ATLANTA — Mention the initials “O.G.” to Wade Phillips, and he smiles.
“Old guy,” the Rams’ 71-year-old defensive coordinator said Wednesday morning at the Rams’ pre-Super Bowl media availability. “I’m an old guy. I know that.”
But that’s not what those initials stand for — at least as far as the Rams’ coaches and players are concerned.
“O.G.” is actually one of the greatest compliments Phillips could want. It stands for “Original Gangster,” a moniker that expresses deep respect — even though it’s a reference to the notorious gangsters of the 1920’s and 30’s — like Al Capone and Lucky Luciano. No, Phillips isn’t one to break the law. But carrying that nickname means he’s considered cool by his much younger peers and players.
“That’s the new lingo,” Phillips said in his southern drawl, a voice that has been heard by NFL players the last 41 years since he first started coaching alongside his father, former Houston Oilers coach Bum Phillips. “I still think I’m the old guy.”
He’s not just any old guy. He has a Twitter account to which he regularly posts. “Sonofbum” is a highly entertaining read, even if you’re not a football fan.
“A must follow,” as one reporter suggested.
“Must follow? I like that,” Phillips quipped. “I do it myself. You can tell if you read it, too many dad jokes in there. I just do it for fun. I try to do things that are fun for our fans.”
How about one of his latest tweets, when he posted a graphic of cartoon character “SpongeBob SquarePants” that shows him raising 10 thumbs with the comment, “Many thumbs up.” Phillips tweeted it and wrote, “The Rams have arrived” on the day the team got to Atlanta for Super Bowl LIII against the Patriots.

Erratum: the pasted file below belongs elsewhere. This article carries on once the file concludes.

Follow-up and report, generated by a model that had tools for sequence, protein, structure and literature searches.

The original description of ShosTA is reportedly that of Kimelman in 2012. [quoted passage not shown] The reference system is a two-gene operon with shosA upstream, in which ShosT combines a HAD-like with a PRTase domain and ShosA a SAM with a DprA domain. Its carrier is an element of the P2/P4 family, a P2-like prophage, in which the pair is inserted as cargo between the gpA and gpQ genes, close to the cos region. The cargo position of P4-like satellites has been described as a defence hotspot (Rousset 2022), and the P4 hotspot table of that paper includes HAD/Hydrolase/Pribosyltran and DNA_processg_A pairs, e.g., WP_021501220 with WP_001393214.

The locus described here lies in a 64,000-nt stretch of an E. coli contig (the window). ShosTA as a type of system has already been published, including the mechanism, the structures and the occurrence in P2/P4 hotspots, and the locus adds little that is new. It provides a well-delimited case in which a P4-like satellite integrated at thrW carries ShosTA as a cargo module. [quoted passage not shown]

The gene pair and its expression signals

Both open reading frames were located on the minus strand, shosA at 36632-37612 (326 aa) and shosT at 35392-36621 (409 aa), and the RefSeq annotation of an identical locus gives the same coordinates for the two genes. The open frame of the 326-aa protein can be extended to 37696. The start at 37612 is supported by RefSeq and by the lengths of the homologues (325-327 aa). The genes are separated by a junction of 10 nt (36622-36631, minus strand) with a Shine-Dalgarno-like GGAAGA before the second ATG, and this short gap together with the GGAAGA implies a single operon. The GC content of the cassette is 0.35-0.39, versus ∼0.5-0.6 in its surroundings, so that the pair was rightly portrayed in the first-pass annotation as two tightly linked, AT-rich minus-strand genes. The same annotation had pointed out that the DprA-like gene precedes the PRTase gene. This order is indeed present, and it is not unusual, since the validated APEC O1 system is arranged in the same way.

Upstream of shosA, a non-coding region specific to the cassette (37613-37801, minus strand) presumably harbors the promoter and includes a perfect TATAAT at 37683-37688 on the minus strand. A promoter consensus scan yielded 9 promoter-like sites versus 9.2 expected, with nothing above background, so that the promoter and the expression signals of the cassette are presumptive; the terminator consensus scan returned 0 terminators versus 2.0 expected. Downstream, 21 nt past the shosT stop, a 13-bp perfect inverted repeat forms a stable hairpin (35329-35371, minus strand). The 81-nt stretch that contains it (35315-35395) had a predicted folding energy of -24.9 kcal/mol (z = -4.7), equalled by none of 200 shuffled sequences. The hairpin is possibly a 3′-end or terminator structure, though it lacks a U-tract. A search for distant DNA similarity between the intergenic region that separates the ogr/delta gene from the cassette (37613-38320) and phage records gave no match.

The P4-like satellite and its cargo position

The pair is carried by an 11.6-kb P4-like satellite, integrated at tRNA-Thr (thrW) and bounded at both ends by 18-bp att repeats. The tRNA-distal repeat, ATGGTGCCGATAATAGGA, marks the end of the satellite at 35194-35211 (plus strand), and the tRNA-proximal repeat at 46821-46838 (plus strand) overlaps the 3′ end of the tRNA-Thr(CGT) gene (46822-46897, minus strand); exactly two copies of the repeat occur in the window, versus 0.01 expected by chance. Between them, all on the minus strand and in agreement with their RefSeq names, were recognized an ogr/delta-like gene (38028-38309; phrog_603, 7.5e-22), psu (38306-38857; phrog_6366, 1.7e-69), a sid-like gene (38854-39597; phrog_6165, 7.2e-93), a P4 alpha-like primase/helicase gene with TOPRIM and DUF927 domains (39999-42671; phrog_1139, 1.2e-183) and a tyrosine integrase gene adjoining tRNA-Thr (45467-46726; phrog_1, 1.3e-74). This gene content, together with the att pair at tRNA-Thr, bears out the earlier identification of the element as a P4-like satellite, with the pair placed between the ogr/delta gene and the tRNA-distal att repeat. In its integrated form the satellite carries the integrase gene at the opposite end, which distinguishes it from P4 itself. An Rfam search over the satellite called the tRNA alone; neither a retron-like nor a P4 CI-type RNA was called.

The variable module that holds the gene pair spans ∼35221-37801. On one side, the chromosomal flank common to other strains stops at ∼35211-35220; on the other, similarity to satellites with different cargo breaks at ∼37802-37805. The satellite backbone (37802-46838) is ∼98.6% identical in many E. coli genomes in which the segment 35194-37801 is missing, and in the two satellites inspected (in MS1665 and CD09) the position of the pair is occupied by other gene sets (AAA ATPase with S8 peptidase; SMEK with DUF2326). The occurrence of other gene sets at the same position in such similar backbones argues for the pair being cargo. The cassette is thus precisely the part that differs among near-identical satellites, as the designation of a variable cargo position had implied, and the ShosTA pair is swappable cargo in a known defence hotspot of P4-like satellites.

But Phillips is about much more than his down-home style and fatherly — and grandfatherly — personality. He’s still a brilliant football tactician, and how he defends against the Patriots will likely have a major influence on who wins. He knows it will be a massive challenge.
“They do so many things well,” Phillips said. “They’ve got a great running game, but you try to stop the running game, and then you force Tom Brady to throw, and that’s tough right there. He’s got all the accolades he deserves.”
As much as any coach in NFL history, Phillips has found a way to adapt to today’s players. He has a Super Bowl championship ring as the Broncos’ defensive coordinator, and his head coaching stints with the Bills and Broncos — while not Super Bowl-worthy — have rounded out a highly successful career.
Phillips was one of head coach Sean McVay’s most important hires, and the 33-year-old McVay believes his defensive coordinator has been an integral part of the team’s success. And not just on the field.
“He’s got so many things he can draw on from all the success he’s had in this league, but it never feels like it’s pushed on you,” McVay said. “When you go to him and ask him for advice he’s been so supportive to me. With the inexperience I do have, I feel so fortunate to be around Wade Phillips. He’s a lot more laid back than I am, so it’s good to be around someone like that.”
Phillips appreciates the compliments but praised McVay for having a great sense of what’s required to be a successful head coach.
“He’s brilliant at what he does, not just coaching-wise, but leadership-wise,” Phillips said. “He has command of the team. The players know what he wants, how he wants it done. They’ve bought into what he says.”
They’ve bought into what Phillips says, too, in part because the coach has remained current with this generation of players.
“Calling him ‘O.G.’ that’s just seeing somebody that has more wisdom,” Rams cornerback Nickell Robey-Coleman said. “He’s been in the game a long time, and after a while, he’s almost like a father figure to the organization. That’s the type of splash Wade makes.”
How does he do it with players who seem to get younger all the time?
“The world’s changing all the time,” Phillips said. “It’s changed a lot in the 41 years since I got into the NFL. You adjust, or you fall behind.”